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Global Parasitology Seminars

Parasitology Seminar Series

Gustavo Arrizabalaga, Ph.D. "The shape-shifting mitochondrion of Toxoplasma gondii"


Title: "The shape-shifting mitochondrion of Toxoplasma gondii"

Speaker:Gustavo Arrizabalaga PhD

Gustavo Arrizabalaga, PhD
Departments of Pharmacology and Toxicology and
Microbiology and Immunology,

Indiana University School of Medicine

Indianapolis, IN


A unique feature of apicomplexan parasites such as Toxoplasma gondii is the presence of a single tubular mitochondrion, which is essential for parasite survival and a validated
drug target. Toxoplasma’s mitochondrion is very dynamic and undergoes morphological
changes throughout the parasite’s life cycle. During parasite division, the mitochondrion
elongates, enters the daughter cells just prior to cytokinesis and undergoes fission.
Extensive morphological changes also occur as the parasite transitions from the
intracellular to the extracellular environment. While inside a host cell the mitochondrion
is maintained in a lasso shape that stretches around the parasite periphery where it has
regions of contact with the parasite pellicle. Promptly after exit from the host cell, these
contact sites disappear, and the mitochondrion collapses Neither the functional
significance nor the proteins involved have been known for the contact between
Toxoplasma’s mitochondrion and pellicle. Recently we have shown that the
mitochondrion’s tethering to the parasite’s membrane system is mediated by a protein
named Lasso Maintenance Factor 1 (LMF1). We have shown that LMF1 interacts with
IMC10, a protein present at the parasite’s inner membrane complex (IMC), mediating a
unique contact site between the IMC and the mitochondrion. Interestingly, parasites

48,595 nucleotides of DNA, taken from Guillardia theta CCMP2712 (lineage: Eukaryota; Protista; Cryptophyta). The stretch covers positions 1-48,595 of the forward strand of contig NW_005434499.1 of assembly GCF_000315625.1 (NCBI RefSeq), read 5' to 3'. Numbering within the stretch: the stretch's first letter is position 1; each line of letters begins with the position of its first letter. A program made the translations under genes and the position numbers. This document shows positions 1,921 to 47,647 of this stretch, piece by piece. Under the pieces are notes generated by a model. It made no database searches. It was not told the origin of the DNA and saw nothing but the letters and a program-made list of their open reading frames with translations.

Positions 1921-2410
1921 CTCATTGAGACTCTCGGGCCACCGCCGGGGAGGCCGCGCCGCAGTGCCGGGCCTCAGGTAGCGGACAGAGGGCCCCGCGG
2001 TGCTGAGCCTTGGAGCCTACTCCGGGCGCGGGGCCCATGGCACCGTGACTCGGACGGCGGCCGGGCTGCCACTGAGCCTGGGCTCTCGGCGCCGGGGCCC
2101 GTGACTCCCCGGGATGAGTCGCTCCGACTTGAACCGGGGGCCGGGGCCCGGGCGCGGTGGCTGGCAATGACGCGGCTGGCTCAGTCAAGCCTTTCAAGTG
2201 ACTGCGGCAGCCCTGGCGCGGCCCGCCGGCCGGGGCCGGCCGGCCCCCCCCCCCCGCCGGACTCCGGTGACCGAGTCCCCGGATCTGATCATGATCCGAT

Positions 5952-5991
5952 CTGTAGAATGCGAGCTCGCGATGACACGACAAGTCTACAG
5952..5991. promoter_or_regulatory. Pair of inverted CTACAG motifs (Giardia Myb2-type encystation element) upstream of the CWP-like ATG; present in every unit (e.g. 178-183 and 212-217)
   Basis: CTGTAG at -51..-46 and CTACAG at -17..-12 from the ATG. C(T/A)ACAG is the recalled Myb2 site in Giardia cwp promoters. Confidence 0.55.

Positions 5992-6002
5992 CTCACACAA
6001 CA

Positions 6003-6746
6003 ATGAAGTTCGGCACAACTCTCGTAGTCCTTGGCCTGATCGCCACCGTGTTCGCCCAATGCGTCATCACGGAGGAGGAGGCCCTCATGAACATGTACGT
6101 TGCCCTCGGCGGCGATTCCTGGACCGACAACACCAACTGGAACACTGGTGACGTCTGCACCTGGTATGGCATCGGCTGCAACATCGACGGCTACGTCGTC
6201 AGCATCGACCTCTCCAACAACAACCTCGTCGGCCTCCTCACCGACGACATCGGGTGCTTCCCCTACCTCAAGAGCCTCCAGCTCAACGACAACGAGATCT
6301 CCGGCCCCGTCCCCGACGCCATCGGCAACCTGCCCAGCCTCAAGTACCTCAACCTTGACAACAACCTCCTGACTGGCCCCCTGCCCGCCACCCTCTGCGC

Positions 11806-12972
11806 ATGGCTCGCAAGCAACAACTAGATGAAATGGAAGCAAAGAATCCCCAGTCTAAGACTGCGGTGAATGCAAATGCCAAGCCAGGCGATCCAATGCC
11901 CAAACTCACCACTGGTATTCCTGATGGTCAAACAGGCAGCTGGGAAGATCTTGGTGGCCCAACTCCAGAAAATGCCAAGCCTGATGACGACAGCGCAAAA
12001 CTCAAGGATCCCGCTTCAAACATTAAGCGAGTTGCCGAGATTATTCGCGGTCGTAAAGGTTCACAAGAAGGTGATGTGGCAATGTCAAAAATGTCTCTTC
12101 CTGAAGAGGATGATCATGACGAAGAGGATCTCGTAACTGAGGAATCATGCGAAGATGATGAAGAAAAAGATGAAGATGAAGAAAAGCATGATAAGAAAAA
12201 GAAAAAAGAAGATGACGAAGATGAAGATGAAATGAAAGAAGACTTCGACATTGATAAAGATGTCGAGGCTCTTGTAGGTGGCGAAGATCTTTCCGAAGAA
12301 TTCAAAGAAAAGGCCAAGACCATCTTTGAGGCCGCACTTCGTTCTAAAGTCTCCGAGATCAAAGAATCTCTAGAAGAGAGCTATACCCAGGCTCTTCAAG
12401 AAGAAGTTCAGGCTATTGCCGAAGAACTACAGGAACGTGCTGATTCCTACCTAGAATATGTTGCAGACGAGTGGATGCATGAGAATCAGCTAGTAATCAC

lacking LMF1 or IMC10 do not only fail to tether the mitochondrion and IMC, but also
show defects in organellar distribution during cell division. Consistent with this role, we
observe colocalization of these two proteins early on in mitochondrial inheritance. As
little is known about mitochondrial inheritance, we have used the LMF1/IMC10
interaction as an entry point to dissect the machinery behind mitochondrial division and
inheritance in this parasite. Currently, the Arrizabalaga lab is characterizing the motor
protein involved in mitochondrial inheritance as well as on the identification of other
proteins involved in mitochondrion morphodynamic


Dr. Gustavo Arrizabalaga has been studying the cell biology of the pathogenic parasite Toxoplasma gondii for over 20 years. He received his Ph.D. in Biology from MIT
under the mentorship of Dr. Ruth Lehmann. His doctoral work focused on developmental
biology and translational regulation using Drosophila as a model system. Dr. Arrizabalaga did a post-doctoral fellowship with Dr. John Boothroyd at Stanford University School of Medicine, where he began focusing on how Toxoplasma gondii exits its host cell. In 2012, he joined the Departments of Pharmacology and Toxicology and Microbiology and Immunology at the Indiana University School of Medicine, where he is currently a Professor and an Assistant Dean for Faculty Affairs and Professional Development.

Date: Monday, December 11th, 2023
Time: 12 pm

LocationHill Pavilion Room 132 and available virtually Via Zoom

Questions? Please contact Michael Black if you have questions.

Date and Time


Michael Black